Why Heat Your Workshop with Infrared?
There are several good reasons to heat a workshop or garage space with an infrared heater. But before we get ahead of ourselves, let’s discuss what infrared is and how it compares with other methods of heating.
First, there are basically three methods of heat exchange. They are Convection, Conduction and Infrared (radiant).
Convection is perhaps the most common method for general space heating in homes, although not the most cost efficient. Think of a forced air furnace pushing warm air through long runs of ducting and up through registers into every room in the house. Or perhaps a forced air unit heater blowing warm air from one corner of a room or shop space in an attempt to heat up air molecules to warm the surrounding air.
To understand conduction, think of a hot water bottle. Physically touching the water bottle can help warm body temperature. That may work fine when you go to bed at night, but it isn’t too practical for general people heating.
Infrared is radiant heat wave energy that is emitted from a hot heat source. Think of a fireplace, stove, or even our own sun. These are all infrared heat emitters. Unlike the sun, however, infrared heaters emit no harmful ultra-violet rays. In fact, infrared heaters have proven to have therapeutic and other benefits.
Technically speaking, infrared is electromagnetic wave energy that travels at the speed of light, which, upon striking an object, converts to heat. Think of the sun’s rays. Upon absorbing into the earth’s surface and objects at ground level, that energy converts to heat to warm the surrounding air.
About the mid 1950’s it was determined that the infrared heating principle could be effectively applied to heat the inside of structures such as workshops, garages, aircraft hangars, manufacturing facilities and other large open buildings. Since then, the technology of infrared heating appliances has improved over many years to include all sizes and types of infrared heaters for use in even the smallest of shop spaces to the largest manufacturing and warehouse facilities. There are even infrared heaters for use inside the dwelling space of homes.
So why are Infrared heaters so popular?
Two words. Energy savings. An infrared heater or heating system can save as much as 50% in energy usage compared to conventional "warm air" blower type heaters.
Infrared energy is absorbed and then stored by objects including floors, machinery, tools and even people. In effect, all objects in the direct path of the infrared heater’s rays become heat sinks that re-radiate to heat the surrounding air, resulting in shorter heating cycles and lower energy consumption. Also, when overhead doors to the outside are opened and closed several times a day, heat recovery is quicker.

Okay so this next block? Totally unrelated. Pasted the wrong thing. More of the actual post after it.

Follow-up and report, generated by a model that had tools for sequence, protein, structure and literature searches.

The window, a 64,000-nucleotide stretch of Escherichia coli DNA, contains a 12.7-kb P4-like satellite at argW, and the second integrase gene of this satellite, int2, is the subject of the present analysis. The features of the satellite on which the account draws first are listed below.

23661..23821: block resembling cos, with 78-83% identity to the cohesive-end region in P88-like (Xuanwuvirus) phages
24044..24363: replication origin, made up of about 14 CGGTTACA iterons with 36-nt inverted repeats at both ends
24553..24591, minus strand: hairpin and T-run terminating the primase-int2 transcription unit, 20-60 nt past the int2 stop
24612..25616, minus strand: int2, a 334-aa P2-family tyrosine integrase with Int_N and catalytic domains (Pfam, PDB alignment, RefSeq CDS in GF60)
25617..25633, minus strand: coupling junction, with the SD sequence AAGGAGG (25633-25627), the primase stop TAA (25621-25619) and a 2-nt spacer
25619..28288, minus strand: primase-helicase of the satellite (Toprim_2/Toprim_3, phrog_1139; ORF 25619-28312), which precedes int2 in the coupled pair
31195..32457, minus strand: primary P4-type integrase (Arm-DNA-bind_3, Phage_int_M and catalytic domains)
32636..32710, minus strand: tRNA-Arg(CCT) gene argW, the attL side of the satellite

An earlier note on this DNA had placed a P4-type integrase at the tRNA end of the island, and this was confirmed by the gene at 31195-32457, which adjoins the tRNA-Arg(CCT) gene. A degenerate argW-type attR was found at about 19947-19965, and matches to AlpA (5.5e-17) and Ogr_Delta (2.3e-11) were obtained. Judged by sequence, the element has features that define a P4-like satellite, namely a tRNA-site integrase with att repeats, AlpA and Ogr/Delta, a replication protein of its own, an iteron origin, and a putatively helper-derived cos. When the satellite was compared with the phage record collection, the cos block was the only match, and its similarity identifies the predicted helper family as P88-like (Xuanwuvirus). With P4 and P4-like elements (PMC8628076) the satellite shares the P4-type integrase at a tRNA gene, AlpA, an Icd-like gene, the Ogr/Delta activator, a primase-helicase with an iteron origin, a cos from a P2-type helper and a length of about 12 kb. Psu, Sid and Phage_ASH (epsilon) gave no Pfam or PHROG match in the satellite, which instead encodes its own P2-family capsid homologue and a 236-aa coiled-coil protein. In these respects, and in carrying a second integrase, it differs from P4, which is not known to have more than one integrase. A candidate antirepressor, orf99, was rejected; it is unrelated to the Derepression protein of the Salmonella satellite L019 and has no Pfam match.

Convection heaters, on the other hand, heat only the air molecules, not objects and surfaces. When doors to the outside are opened up, warm air molecules are quickly cooled and replaced by cold air. When some or all of the heated air is gone, the heating cycle starts all over again. That means longer heating cycles to regain lost temperatures and higher energy use.
Note also that hot air rises. With convection heaters in high bay structures, ceiling temperatures can reach 100 degrees or more, with floor temperatures of only 50 to 60 degrees F. To comfortably heat the people zone, warm air collecting at the ceiling must compress until it reaches the floor. We call this "hot air stacking". And that, quite frankly, takes time and wastes energy.
With infrared heating systems, floors and objects below become reservoirs of heat. Therefore, ceiling temperatures are typically 60 degrees with floor temperatures a cozy 70 degrees F. To put it succinctly, convection heaters heat from the ceiling downward while infrared heaters heat from the floors upward.
In addition to enhanced energy savings, infrared heaters are normally much quieter and comfortable compared to forced air convection systems. If you’re planning on buying a new heater or heaters for your shop space, consider the benefits of using infrared.
Scott Workman owns and operates Infra-Red Products Supply, Inc. of Draper, Utah. Since 1986, Infra-Red Products has become recognized as one of the foremost leaders in energy saving heating system design and sales for residential, commercial and industrial consumers.